5. Agricultural research, both by the Consultative Group for International Agricultural Research (CGIAR) and most other institutions, has not always done well in this respect. It tended to neglect (i) small-scale, rainfed agriculture in resource-poor areas (where most of the poor live) and the crops produced there; (ii) the specific needs, constraints, and survival strategies of poor farmers; and (iii) the traditional knowledge and innovative capacity of the poor farmers themselves. A final, closely related bias concerns the functioning of extension systems, which were top-down, standardized, and based on one-way communication (see Overview Paper, par. 57-65).

Evolution of the Global International Agricultural Research System

6. In order to respond to some of the above-mentioned problems, steps to reorganize the global international agricultural research system and to develop new experimental procedures of research and development are currently under way. Four trends can be discerned: (i) a shift in research agenda to cater more to the rainfed and resource-poor areas; (ii) the creation of regional research coalitions, to exploit the comparative advantages of different actors, particularly the developing-country national agricultural research systems (NARS) and the northern research organizations (labelled Advanced Research Organizations -- AROs), and to make considerable economies of scale; (iii) the development of links between the research system and NGOs and community organizations, to put research more at the service of the producers; and (iv) the recognition of a subsidiarity principle, to bring research as close as possible to farmers.

7. Research agenda are shifting to cater more to those rainfed and resource-poor areas as well as to the conditions facing women farmers. This shift is necessary to promote household food security for the rural poor. The CGIAR has recently decided to incorporate the objectives of poverty reduction and environmental sustainability in the identification of its future research priorities. IFAD is spearheading a collaborative effort to strengthen the partnership arrangements between NARS and the CG-system with a view to ensuring that future research programmes are more responsive to the requirements of small producers and women farmers.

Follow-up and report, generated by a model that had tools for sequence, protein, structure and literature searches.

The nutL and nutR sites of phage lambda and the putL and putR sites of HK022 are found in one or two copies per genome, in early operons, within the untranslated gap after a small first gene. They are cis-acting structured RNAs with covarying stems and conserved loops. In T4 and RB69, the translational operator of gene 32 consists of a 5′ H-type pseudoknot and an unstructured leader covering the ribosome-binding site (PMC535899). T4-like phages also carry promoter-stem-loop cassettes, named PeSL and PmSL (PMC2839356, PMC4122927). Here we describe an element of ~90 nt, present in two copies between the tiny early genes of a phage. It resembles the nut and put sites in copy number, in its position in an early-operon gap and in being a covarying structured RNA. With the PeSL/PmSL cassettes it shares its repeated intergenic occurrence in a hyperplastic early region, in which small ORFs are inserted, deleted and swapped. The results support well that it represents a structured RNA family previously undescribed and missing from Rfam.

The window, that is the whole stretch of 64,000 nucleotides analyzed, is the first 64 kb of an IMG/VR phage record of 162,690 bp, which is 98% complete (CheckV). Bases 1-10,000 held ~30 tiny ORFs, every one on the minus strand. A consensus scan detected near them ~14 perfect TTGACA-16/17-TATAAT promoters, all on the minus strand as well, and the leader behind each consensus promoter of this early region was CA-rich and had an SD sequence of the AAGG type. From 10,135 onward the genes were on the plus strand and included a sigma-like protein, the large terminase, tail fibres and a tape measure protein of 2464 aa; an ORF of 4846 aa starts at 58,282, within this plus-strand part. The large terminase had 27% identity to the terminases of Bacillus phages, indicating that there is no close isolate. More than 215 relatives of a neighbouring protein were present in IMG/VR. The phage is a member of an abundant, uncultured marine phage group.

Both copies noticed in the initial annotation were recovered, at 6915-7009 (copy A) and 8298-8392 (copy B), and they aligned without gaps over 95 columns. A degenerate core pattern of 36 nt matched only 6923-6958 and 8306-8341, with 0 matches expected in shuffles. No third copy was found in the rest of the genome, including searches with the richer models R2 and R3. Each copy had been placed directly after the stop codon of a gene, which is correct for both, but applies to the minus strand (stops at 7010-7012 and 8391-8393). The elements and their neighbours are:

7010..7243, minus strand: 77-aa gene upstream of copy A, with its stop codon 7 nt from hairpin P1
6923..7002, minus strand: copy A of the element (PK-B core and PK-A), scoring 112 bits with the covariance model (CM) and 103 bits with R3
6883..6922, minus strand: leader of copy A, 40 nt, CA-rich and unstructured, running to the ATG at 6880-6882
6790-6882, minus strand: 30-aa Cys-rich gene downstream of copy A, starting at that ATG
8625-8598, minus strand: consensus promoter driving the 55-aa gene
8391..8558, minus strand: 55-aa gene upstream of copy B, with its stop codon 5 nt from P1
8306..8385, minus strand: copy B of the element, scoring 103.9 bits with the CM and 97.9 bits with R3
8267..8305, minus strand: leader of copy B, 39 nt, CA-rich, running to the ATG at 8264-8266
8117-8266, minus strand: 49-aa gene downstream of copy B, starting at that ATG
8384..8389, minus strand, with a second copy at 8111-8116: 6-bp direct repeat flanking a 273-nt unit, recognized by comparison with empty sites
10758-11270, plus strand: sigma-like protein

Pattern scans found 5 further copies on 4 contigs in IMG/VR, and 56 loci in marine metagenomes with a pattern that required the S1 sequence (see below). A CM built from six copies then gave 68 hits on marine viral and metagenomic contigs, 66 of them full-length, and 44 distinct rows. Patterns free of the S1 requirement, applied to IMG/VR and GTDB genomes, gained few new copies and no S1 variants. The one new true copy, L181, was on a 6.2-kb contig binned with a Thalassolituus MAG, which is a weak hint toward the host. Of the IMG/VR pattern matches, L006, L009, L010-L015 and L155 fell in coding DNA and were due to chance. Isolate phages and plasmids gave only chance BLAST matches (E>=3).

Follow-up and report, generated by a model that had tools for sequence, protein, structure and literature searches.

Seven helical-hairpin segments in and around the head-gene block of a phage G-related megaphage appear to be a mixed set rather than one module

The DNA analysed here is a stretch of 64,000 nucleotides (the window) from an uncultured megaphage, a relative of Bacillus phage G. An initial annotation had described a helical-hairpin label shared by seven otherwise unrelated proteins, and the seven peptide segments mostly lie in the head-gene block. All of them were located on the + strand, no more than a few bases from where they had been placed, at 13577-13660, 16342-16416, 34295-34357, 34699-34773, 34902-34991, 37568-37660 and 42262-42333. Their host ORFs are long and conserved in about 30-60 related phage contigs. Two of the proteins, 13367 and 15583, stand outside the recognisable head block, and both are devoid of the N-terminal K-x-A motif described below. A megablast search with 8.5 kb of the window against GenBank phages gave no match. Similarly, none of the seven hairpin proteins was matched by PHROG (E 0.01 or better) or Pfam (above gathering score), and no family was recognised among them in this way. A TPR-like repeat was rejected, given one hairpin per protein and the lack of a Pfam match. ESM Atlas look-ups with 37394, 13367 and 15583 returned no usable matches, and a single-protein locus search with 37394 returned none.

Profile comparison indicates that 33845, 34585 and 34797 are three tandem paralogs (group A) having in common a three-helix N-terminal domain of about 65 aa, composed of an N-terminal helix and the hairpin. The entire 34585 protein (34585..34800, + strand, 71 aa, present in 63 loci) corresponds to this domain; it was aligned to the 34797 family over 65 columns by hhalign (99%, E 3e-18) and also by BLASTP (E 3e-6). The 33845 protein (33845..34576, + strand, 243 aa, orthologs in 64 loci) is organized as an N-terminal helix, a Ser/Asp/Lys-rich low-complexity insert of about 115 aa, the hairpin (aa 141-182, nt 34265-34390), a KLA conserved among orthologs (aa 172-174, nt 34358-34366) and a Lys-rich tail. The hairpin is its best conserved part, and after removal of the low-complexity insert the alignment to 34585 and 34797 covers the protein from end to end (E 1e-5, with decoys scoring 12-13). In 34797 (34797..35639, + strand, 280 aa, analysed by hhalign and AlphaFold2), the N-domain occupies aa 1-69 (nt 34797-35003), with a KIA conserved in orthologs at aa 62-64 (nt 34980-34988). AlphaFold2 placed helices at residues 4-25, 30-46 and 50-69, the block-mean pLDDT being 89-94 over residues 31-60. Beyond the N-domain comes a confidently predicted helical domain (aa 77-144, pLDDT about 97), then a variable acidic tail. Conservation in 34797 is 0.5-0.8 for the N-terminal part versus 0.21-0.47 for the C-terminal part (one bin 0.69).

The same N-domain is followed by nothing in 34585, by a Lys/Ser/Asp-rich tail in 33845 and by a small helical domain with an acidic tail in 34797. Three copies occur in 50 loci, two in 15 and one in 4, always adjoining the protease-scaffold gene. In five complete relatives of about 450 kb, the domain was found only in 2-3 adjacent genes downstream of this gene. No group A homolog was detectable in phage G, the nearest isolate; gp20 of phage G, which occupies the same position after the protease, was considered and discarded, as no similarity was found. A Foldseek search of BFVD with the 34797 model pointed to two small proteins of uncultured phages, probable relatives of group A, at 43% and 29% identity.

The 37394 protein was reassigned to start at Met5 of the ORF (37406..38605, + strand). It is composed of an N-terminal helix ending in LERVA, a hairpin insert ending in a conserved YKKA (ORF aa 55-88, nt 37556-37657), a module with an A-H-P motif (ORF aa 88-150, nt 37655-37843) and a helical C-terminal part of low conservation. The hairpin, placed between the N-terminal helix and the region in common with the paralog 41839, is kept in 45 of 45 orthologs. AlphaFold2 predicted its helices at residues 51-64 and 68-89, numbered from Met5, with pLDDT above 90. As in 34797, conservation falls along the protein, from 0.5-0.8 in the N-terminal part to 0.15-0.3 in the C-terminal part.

8. Based on the monitoring of regional agricultural resources and needs, the CGIAR, NARS, and AROs could assign resources to Regional Action Programmes such as those conceived within the Special Programme for African Agricultural Research (SPAAR). Such a strategy of alliance between the different research institutions, through the creation of eco-regional action programmes or inter-institute activities, will allow more diversified technological solutions that are better adapted to very different socio-economic and physio-climatic conditions.

9. Having learnt from the insufficiency of the results obtained from the previous programmes to control hunger and poverty, the World Bank seeks to mobilize traditional bilateral and multilateral donors into a more participatory strategy. Such strategy reserves a leading role for Southern NGOs, with the aim of drawing on their "culture" of participatory intervention in the field, and their capacity for community mobilization. In this strategy, an essential role should also be given to the farmers' own organizations, including women's organizations. The development of a real dialogue between farmers' organizations and national and international research institutions would: (i) increase the relevance of research programmes chosen by national and international institutions; and (ii) optimize the diffusion of new technologies by continually involving farmers' organizations and NGOs in testing the new or improved technologies under real conditions.